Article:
Exercise which can achieve both cardiovascular function and muscle strength "would be a preferred mode of training for older persons", say investigators.
Experienced practitioners of Tai Chi, the traditional Chinese mind-body exercise now enjoyed worldwide, have been shown in a study of older subjects to have improved expansion and contraction of arteries according to cardiac pulsation (arterial compliance) and improved knee muscle strength.
The findings, say the investigators, of better muscle strength without jeopardising arterial compliance suggest that Tai Chi may well be a suitable exercise for older people to improve both cardiovascular function and body strength. A number of studies, they explain, have shown that strength training to improve muscle function and offset the effects of ageing have also been accompanied by a decline in arterial compliance. "Evidence that strength training could change arterial compliance in middle-aged and older subjects is still elusive," they note.
As background to their report, the investigators explain that arterial stiffness - when an artery fails to distend or rebound in response to pressure changes - is closely associated with cardiovascular diseases, possibly through elevated blood and pulse pressure and atherosclerosis. Arterial compliance, therefore, has been identified as an important predictor of cardiovascular health in the elderly and a therapeutic target for physical exercise in the prevention of cardiovascular disease.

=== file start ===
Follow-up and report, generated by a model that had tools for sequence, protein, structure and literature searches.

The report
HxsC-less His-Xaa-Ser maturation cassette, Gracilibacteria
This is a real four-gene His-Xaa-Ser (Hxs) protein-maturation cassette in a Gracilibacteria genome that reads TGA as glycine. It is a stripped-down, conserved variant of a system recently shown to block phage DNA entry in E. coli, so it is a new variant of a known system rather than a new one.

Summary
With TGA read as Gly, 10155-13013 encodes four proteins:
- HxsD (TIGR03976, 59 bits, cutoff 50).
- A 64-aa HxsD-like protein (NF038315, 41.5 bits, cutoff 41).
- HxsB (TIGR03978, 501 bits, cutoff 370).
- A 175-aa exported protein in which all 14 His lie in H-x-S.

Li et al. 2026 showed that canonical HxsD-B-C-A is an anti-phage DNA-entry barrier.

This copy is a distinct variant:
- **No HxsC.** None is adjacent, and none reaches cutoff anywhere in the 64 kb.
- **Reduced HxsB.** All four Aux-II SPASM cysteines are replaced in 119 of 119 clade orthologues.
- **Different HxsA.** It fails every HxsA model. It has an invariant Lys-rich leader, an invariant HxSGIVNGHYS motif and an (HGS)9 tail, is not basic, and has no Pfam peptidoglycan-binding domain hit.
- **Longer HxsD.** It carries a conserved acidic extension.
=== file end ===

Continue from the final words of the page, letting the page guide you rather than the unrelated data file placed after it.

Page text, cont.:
The study, published online today in the European Journal of Preventive Cardiology, involved 65 elderly subjects from Hong Kong, 29 recruited from local Tai Chi clubs who had each practised Tai Chi for at least 1.5 hours a week for three years, and 36 controls with no Tai Chi experience. All subjects' physical activity levels were defined according to metabolic index units as light, moderate and heavy - but there were no differences between the two groups.
Initial results showed that the Tai Chi subjects were better in almost all haemodynamic observations - including blood pressure, vascular resistance, and pulse pressure. Measurements also showed that both large and small artery compliance was significantly higher in the Tai Chi group (by 40-44%). Additional analysis showed that the Tai Chi subjects had greater average muscle strength in both their knee extensors and flexors.